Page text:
As Shrek the Musical gets ready for its West End opening, The Times talks to Bill Damaschke, Jeffrey Katzenberg's right-hand man, about the idea, the realisation, and the flop on Broadway.
The idea for a musical came from the respected British theatre and film director Sam Mendes, who had been working with Dreamworks on American Beauty and The Road to Perdition. Damaschke, a former actor who is now president of Dreamworks' new live theatre division as well as the creative head of animation, takes up the story: “Sam realised that Shrek has all the ingredients of a great musical: a hero's journey, a love story, a best friend in Donkey, universal and comedic things that people need to sing about.”
All very well. But it also suffers from an intrinsic obstacle. The stage is wonderful for taking real subjects and rendering them fantastical; but with Shrek they are attempting the reverse, to give flesh to fantasy. The cast are burdened with prosthetics to replicate what were only ever animated characters. Did they not consider a stripped-down, more stylised approach? “That'll be the Donmar Warehouse version in 15 years' time,” Damaschke, laughs. They tried a number of options, he says, before deciding that the audience needed to see the characters they recognised from the screen, up there on the stage.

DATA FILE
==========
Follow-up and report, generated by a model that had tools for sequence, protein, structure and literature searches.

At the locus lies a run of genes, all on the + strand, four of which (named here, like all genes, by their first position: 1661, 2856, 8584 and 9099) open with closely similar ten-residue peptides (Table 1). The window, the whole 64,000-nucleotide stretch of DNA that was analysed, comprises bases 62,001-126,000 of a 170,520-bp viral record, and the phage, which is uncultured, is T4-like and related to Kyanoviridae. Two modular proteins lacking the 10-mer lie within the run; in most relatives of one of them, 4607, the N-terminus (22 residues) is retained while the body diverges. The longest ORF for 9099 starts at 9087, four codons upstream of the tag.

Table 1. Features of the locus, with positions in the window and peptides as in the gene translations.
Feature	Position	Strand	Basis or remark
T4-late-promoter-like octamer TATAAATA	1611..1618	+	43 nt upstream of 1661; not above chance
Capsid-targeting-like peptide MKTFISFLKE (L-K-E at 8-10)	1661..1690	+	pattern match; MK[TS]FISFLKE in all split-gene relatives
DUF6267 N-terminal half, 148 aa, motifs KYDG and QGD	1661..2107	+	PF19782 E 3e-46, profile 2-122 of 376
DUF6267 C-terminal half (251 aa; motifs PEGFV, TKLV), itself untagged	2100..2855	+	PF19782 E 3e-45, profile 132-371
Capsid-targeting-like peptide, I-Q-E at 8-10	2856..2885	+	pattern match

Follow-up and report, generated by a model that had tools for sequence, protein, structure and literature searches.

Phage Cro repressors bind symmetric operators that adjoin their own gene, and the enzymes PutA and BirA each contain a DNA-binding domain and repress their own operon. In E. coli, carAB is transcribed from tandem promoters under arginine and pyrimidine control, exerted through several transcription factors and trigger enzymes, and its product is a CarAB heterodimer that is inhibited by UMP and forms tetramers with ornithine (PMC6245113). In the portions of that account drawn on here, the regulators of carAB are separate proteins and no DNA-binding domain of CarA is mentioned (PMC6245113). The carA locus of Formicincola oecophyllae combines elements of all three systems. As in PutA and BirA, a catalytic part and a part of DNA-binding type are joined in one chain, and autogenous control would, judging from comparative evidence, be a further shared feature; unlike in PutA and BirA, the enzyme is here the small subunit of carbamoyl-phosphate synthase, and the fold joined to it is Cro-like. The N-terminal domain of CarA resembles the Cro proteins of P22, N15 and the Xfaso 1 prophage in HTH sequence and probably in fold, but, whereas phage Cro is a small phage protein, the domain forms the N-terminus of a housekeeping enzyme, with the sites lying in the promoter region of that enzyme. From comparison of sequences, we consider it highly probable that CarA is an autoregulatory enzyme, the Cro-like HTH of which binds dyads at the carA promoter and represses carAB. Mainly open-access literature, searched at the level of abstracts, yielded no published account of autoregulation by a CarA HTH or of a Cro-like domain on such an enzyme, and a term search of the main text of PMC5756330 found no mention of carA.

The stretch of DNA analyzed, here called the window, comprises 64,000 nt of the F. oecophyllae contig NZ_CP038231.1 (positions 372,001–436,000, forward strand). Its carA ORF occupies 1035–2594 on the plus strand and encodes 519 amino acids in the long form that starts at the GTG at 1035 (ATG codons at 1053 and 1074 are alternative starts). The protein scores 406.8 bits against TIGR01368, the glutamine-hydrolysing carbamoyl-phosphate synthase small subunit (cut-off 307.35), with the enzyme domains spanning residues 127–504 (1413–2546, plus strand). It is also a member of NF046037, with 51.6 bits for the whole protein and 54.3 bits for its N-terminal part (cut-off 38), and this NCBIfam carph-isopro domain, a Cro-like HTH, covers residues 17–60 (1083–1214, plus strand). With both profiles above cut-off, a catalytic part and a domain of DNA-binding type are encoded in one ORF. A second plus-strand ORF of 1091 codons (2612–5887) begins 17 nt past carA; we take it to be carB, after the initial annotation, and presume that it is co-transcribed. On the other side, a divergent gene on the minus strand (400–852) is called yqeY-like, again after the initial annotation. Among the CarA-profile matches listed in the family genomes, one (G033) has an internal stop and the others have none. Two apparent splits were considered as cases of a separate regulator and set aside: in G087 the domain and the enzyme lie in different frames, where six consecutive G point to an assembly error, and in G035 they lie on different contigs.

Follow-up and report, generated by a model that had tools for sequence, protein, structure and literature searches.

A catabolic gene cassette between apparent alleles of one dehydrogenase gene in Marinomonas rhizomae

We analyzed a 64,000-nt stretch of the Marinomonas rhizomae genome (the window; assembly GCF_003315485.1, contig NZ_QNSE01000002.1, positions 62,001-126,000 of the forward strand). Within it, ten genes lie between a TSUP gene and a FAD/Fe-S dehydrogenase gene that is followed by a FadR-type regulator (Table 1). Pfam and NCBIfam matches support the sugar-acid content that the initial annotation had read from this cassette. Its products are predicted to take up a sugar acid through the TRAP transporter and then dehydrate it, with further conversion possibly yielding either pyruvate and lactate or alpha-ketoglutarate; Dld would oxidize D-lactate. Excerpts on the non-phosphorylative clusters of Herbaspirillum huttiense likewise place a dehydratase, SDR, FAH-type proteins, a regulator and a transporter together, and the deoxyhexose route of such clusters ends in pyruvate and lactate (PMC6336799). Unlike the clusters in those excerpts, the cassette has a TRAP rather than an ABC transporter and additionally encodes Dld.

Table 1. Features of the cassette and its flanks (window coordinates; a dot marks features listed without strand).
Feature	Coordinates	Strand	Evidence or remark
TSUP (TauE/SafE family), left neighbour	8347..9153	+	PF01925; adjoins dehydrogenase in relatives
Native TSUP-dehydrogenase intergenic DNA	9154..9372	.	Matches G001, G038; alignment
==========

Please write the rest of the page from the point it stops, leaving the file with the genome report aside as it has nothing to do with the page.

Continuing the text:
The result, on Broadway, was felt by critics and theatre-goers to be unwieldy: with more than 20 songs and not many additions to the original storyline, the 80-minute film was stretched to 2 hours and 20 minutes. Damaschke agrees that much of the problem was timing, but of a different kind: Shrek the Musical opened slap bang at the start of the worst financial crisis in decades.
I remember going to the opening night the very week that Lehman's collapsed. Their office was just around the corner, and there were literally hundreds of people walking down the street with all their stuff in boxes. A big expensive family musical was just really off, timing-wise.”
The show has been extensively tweaked since then, both during a more successful tour of America, and now for the London show.
We have the most amazing cast in London,” he enthuses. “Amanda Holden is a doll, but she's also fun, she's outrageous. She's a princess but she's also an ogre! People are going to love her. Even the small parts are super-good. Like at the table read-through, the guy playing the guard, he's going to be the best guard in the world!”
Photo: Shrek the Musical on Broadway – copyright 2009 DreamWorks Theatrical. All Rights Reserved
Graham Spicer is a writer, director and photographer in Milan, blogging (under the name ‘Gramilano') about dance, opera, music and photography for people “who are a bit like me and like some of the things I like”. He was a regular columnist for Opera Now magazine and wrote for the BBC until transferring to Italy.
His scribblings have appeared in various publications from Woman's Weekly to Gay Times, and he wrote the ‘Danza in Italia' column for Dancing Times magazine.